In his book Camera Lucida, the French philosopher Roland Barthes calls cameras “clocks for seeing,” marveling at their inspiring and troubling ability to capture and arrest time, pulling people and events out context. But what if we designed cameras to document the flow and inexorable passage of time, instead of trying to freeze it during moments we want to hang onto?
A new project by experimental philosopher Jonathon Keats involves creating simple, incredibly durable pinhole cameras that will slowly create a single image over the course of a century or a millennium. At the “Deep Time Photo Lab” at Arizona State University’s Emerge festival on Friday, March 6, Keats will help people create century cameras—palm-size, dead-simple devices constructed from metal tins that focus a tiny beam of light and bleach an image into a sheet of black paper inside the tin, at a glacial pace. People will then hide their cameras throughout the Phoenix, Arizona, metro area, where they will quietly monitor changes in the urban landscape and natural environment between 2015 and 2115. (Disclosure: ASU is a partner with Slate and New America in Future Tense.)
On the same day, Keats will unveil a millennium camera at the ASU Art Museum. The museum has committed to displaying the millennium camera’s single photograph in a monthlong exhibition in 3015. (Keats does not plan to attend—“I’ll be dead,” he told me matter-of-factly.)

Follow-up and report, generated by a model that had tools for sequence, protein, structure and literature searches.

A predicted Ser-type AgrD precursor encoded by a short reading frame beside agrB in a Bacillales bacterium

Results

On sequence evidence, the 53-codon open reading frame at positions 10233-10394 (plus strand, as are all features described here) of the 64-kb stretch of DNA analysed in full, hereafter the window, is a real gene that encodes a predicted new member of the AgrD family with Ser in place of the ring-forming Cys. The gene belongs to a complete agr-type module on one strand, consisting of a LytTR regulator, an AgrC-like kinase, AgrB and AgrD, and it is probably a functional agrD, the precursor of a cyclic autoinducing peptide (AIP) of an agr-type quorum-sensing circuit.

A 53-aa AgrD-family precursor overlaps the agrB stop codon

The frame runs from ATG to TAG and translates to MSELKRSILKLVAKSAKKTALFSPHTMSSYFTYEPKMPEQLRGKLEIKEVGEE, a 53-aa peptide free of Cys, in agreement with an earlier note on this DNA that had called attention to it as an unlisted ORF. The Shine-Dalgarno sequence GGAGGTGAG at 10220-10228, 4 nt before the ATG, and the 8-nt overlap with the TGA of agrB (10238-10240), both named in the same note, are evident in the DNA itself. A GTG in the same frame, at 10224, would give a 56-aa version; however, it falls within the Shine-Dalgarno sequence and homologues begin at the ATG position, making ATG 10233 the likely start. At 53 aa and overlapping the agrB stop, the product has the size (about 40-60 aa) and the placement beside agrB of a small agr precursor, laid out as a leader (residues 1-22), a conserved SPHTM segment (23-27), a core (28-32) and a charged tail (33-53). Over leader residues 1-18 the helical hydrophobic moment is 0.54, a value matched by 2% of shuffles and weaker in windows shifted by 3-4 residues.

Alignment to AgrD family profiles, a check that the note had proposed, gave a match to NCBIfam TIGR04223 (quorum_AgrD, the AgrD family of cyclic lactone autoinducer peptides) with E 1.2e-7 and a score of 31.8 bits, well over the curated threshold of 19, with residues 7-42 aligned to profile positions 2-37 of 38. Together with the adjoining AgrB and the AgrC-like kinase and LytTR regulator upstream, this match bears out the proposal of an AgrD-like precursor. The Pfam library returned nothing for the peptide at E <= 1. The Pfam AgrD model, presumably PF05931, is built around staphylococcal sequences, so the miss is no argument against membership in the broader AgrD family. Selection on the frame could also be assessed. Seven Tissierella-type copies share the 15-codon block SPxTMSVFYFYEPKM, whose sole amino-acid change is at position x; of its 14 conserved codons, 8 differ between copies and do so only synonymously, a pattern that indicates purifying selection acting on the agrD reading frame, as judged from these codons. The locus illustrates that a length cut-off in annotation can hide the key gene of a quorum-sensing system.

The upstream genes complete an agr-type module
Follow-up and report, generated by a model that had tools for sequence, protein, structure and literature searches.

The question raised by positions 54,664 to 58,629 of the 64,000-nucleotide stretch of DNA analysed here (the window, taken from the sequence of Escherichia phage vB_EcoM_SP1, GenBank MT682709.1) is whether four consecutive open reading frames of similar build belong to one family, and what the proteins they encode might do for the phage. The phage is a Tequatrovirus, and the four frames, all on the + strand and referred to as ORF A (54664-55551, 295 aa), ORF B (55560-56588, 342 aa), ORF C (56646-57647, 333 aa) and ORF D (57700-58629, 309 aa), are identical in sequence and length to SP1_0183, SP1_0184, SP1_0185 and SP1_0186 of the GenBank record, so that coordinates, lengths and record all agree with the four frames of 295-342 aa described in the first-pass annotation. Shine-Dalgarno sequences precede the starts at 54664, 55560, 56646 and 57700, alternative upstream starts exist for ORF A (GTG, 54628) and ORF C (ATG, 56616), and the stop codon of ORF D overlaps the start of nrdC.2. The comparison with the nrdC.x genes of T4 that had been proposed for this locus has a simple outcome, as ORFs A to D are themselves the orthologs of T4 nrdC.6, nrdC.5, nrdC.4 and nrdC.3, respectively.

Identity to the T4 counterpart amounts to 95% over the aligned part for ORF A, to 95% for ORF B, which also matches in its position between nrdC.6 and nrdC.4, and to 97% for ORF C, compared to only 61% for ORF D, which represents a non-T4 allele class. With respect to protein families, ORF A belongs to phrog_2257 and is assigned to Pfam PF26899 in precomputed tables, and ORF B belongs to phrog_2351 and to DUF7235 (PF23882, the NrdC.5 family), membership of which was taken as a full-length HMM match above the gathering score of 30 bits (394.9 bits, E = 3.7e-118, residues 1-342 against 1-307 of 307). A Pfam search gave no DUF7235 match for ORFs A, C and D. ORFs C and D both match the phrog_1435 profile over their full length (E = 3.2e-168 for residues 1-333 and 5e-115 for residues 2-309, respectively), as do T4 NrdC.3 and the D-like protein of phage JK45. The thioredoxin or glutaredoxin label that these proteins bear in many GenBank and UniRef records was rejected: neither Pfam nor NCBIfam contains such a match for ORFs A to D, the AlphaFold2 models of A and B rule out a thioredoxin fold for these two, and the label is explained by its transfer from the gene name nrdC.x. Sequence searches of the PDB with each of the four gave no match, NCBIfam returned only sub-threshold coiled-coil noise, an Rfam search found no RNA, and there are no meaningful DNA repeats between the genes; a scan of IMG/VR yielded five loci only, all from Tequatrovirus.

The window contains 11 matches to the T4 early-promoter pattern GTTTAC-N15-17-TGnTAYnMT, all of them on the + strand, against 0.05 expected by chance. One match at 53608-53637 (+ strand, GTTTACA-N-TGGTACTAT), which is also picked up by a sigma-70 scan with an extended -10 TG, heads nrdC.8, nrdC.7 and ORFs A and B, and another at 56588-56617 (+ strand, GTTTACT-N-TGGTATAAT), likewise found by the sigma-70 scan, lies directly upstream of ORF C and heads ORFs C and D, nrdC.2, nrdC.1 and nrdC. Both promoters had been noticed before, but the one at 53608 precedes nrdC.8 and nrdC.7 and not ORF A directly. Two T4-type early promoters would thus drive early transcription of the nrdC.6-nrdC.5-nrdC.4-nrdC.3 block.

Keats is no stranger to conceptually challenging projects. He recently opened the world’s first photosynthetic restaurant, which serves gourmet sunlight to plants. He has exhibited extraterrestrial abstract artwork; choreographed ballet for honeybees; founded Microbial Associates, a corporate consultancy that encourages tech companies to diversify their workforces by hiring bacteria; and attempted to genetically engineer God in collaboration with scientists at the University of California–Berkeley.
We can all agree that these cameras are a cool idea. But what are they really for? Why go to all the trouble of designing them, recruiting an army of century photographers, and hiding them all over the place? I interviewed Keats over email to find out.
What inspired you to create the century camera and the millennium camera?
I live in San Francisco, a city that’s undergoing radical transformation. Whenever I return after months away, I’m struck by how dramatically the city has changed. But within days, I’ve psychologically assimilated the changes, and I stop noticing the transformation. I suspect that this may be one of the main causes of complacency, my own and other people’s. And I think it may be one of the big reasons why the future of cities and the future of our planet often get decided by a few determined financiers and politicians. These cameras are my attempt to compress time, expanding our awareness of change.
Is this the first time you’ve experimented with century cameras?